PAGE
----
Habermas, who has written several apologetic works on the resurrection, and Licona, a speaker and budding New Testament scholar who was once Habermas's student, offer a comprehensive and far-reaching argument for the historical veracity of Christ's resurrection. In fact, at times it is too far-reaching, as when the authors digress into refutations of Mormonism, alien activity and Elvis sightings; this book would be much improved if it had been trimmed by about a third. Many evangelicals will appreciate the authors' broad evidentiary claims and marshalling of historical, theological, archaeological, biomedical and literary data to support their belief in the resurrection. Yet despite its strong content, the book is poorly written, and is organized in a workmanlike outline format that seems more appropriate for a seminary lecture than a seamless book. A closing chapter offers practical tips for evangelical Christians who wish to share their faith with others. ~ Publishers Weekly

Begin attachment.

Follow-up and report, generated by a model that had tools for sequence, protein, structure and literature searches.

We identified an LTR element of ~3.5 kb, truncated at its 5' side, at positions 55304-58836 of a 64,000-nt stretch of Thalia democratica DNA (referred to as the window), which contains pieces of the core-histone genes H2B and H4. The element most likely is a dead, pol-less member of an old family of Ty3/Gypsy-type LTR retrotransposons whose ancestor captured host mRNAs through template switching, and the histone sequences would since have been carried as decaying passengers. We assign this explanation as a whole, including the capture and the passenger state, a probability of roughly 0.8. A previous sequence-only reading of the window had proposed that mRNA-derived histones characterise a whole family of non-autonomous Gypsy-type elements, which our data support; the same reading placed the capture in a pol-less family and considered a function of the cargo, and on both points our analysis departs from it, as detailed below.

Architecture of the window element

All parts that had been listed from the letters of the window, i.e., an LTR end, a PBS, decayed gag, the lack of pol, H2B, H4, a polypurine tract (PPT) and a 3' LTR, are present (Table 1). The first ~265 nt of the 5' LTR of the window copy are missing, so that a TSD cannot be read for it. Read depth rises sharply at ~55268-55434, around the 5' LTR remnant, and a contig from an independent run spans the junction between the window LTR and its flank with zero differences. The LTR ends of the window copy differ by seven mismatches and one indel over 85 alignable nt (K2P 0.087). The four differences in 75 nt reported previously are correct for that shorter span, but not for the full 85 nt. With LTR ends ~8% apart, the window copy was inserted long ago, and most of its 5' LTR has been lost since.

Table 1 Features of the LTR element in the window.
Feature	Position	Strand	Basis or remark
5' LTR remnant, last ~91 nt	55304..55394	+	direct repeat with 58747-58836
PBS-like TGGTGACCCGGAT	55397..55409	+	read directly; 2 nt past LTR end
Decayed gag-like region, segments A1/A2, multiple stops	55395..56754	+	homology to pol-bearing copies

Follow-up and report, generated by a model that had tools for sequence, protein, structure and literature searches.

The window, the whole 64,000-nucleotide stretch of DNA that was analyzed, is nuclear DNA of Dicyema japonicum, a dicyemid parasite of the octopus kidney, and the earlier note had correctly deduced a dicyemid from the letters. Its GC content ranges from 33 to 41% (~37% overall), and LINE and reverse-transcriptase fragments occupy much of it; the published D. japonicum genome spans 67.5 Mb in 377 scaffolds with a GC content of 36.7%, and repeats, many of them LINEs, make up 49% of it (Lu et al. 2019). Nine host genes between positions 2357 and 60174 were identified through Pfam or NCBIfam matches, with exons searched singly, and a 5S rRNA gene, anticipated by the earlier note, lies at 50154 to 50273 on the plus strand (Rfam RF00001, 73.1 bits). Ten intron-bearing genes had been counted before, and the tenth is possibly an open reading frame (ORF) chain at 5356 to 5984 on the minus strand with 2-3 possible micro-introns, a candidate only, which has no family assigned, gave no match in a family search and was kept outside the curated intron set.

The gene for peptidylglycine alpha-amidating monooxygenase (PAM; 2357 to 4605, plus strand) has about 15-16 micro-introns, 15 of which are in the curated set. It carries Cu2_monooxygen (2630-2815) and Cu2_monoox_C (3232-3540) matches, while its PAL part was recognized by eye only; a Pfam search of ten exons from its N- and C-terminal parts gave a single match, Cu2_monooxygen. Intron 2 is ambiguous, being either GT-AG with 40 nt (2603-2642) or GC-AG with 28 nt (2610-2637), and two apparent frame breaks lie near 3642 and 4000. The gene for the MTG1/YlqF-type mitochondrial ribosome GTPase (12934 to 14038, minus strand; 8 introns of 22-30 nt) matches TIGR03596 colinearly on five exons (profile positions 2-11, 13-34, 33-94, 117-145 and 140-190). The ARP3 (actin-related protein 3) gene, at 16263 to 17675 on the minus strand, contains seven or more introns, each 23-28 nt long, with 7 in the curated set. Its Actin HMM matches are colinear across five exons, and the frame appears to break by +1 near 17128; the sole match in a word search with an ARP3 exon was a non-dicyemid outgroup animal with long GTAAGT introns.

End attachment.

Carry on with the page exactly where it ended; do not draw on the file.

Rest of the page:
Lee Strobel (Zondervan: Feb 2004)
Strobel, a former journalist for the Chicago Tribune, affirms that Christ really did die on the cross, and not just faint from exhaustion; that he experienced a bodily, and not just a spiritual, resurrection; and that he was seen alive after his death. In journalistic style, he interviews several experts like Gary Habermas, corrects inaccuracies (the nails would have been driven through Jesus' wrists, we learn, and not his palms) and tells stories. But at its heart, this is an editorial rather than a journalistic account, as Strobel most definitely has an opinion and wants readers to share his own pilgrimage from doubt to rock-solid faith. ~ Publishers Weekly
Richard Swinburne (Oxford University Press: Feb 20, 2003), 232 pages.